Purely psychological injuries – aren’t covered.

I can give you an example of that. There was a case, it was probably 15, 20 years ago, there were massive floods down in Albany, Georgia, and there was a guy whose job it was to go around the city and clean up the city.

Well, when these floods happened in Albany, and I think he worked for the park service down there or the sanitation service for the city, but when the floods came on, what it caused to happen were all these coffins and bodies started rising to the surface in Albany, and the person, this worker, while he had no physical injury, he went around gathering up coffins and some of these corpses that were floating out in the river. Even though he had no physical injury, about three days after he spent time doing that, he developed severe depression and severe psychological injuries.

There’s been a move in Georgia to correct that because it’s not a … when someone sees something like that that has happened, it’s clear that that is something that’s work-related, but the way the law’s currently written, a purely psychological injury is not covered.

So that could change in the future?

That’s correct. As of now, purely psychological injuries are not covered.

Can an employee sue their employer for work-related injury under workers’ compensation, or would it have to be a different set of circumstances?

A lot of people think of a jury trial when you use that term “sue,” like if you sue someone in a car wreck case and you got to a jury and you have that type of lawsuit. Workers’ compensation is an administrative process which is you file a request for hearing and the case is heard before an administrative law judge, and it is not what you typically think of as a lawsuit.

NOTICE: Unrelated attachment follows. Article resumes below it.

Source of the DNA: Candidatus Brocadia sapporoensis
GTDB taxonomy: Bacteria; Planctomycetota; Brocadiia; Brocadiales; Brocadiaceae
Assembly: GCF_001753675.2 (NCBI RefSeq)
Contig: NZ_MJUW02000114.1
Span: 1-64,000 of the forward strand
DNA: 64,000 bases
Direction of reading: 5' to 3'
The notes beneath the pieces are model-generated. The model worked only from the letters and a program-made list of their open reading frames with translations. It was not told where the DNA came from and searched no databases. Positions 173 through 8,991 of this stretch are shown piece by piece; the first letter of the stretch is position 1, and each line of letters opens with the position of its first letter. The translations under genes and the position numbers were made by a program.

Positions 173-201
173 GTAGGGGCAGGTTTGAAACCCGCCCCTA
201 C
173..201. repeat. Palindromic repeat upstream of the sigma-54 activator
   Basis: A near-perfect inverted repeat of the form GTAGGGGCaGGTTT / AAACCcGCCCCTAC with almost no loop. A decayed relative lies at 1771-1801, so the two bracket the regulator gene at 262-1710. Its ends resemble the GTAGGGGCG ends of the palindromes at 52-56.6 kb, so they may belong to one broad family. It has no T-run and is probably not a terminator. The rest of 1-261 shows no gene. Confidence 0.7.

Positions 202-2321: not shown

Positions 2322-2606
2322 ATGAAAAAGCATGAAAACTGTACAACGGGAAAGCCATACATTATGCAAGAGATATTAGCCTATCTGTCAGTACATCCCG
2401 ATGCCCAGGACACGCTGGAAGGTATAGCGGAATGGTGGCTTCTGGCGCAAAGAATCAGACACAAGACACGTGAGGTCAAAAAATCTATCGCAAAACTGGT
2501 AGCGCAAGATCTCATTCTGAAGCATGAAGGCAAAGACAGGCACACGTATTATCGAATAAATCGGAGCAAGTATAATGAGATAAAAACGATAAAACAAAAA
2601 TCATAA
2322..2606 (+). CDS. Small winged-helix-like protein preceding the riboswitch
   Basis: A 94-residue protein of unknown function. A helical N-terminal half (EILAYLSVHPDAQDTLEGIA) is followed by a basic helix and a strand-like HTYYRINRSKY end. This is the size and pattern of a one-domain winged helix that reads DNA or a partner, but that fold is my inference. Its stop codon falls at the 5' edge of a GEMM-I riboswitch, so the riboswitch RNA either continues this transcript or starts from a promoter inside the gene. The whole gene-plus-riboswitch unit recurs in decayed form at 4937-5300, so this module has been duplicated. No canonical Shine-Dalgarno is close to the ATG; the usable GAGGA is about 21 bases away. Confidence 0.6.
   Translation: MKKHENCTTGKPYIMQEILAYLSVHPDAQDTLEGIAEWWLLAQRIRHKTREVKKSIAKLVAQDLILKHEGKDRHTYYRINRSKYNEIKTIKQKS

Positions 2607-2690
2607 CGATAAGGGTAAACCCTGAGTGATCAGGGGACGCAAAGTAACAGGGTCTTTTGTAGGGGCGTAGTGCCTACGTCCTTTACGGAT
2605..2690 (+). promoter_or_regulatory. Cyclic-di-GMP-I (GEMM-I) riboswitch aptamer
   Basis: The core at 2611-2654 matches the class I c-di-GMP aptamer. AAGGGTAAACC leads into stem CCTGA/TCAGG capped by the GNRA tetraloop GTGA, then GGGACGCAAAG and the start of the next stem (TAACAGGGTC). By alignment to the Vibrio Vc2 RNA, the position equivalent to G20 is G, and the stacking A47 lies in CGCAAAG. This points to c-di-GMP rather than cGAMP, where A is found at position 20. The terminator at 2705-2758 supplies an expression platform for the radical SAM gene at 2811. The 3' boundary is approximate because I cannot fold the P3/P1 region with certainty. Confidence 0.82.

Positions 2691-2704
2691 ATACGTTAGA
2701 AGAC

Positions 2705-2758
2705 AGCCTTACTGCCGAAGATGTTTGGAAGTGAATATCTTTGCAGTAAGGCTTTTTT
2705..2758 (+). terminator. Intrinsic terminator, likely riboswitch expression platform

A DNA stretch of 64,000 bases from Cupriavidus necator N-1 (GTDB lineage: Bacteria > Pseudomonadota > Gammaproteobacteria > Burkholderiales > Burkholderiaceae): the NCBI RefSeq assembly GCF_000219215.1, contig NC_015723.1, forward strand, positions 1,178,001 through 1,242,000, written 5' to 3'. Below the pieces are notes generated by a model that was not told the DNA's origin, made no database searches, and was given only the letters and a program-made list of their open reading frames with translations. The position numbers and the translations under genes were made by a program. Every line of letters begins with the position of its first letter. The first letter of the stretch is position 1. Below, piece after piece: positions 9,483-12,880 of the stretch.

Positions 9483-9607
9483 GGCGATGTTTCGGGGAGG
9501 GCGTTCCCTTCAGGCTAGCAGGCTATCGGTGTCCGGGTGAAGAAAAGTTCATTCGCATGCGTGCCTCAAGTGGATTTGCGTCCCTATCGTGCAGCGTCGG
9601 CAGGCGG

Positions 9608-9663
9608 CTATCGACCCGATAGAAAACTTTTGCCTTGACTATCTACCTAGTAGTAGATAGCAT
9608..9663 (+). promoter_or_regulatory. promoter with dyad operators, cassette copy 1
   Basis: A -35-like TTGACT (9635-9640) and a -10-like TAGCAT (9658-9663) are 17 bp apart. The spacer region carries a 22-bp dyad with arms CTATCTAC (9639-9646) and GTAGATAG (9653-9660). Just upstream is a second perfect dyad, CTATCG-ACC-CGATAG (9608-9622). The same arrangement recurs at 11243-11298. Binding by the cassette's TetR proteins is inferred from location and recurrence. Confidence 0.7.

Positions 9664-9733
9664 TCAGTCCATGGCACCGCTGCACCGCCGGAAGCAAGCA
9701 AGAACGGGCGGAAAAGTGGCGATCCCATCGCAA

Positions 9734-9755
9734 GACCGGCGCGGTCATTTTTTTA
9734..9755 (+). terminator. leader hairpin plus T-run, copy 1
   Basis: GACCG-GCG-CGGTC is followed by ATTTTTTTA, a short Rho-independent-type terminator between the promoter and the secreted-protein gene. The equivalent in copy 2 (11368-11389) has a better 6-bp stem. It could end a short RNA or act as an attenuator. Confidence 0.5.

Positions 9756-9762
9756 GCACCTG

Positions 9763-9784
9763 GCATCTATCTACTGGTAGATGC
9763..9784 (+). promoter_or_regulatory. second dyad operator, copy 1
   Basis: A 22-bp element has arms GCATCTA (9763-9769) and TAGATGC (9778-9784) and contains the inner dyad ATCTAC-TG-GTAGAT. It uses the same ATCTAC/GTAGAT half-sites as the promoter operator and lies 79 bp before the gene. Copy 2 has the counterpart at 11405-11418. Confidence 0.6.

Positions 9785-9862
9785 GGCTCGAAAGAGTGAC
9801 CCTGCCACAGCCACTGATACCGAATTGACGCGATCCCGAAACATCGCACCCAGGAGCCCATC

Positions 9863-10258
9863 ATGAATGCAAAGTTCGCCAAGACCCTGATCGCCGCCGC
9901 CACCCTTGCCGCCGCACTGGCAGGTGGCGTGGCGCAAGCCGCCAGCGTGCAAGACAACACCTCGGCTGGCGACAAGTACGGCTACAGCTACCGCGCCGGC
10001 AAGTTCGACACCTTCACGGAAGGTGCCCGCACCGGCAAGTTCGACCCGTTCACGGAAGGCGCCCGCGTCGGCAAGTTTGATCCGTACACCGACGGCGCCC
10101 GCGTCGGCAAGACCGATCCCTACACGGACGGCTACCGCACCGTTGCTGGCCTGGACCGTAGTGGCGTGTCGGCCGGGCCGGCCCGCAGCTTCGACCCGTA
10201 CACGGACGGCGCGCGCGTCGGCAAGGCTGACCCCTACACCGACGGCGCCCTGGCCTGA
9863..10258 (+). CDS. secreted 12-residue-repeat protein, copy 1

You can file the workers’ comp case against your employer, but as I was saying before, your exclusive remedy is that workers’ comp case. You cannot file a separate lawsuit against an employer for your physical injuries.

Now, of course, you can sue for employer for things like violations of things like federal law, such as discrimination and that can be racial or age discrimination, or different acts like the Americans with Disabilities Act. Those can be lawsuits, but in terms of your physical injury for a work injury, your exclusive remedy is the workers’ comp administrative remedy.

Attorney Zack Hendon is here to help.

This has been Zack Hendon, helping all of us understand workmen’s compensation and workmen’s compensation law a little better, so that we know what we’re looking for and when we need to talk to an attorney about it.

Zack Hendon is an attorney with 30 years’ experience, and if you’re in the metro Atlanta area and you think you have need of a workmen’s compensation attorney, be sure to give him a call at (770) 284-3737.

Disclaimer: This is for informational purposes only. Zack is an attorney with over 30 years experience, and he’s providing this information to help you, but it cannot be considered legal advice. If you need legal advice, you’ll need to set up a meeting for a consultation with an attorney near you. If you’re in the metro Atlanta area, please give the Hendon Law Firm a call to schedule an appointment with Zack.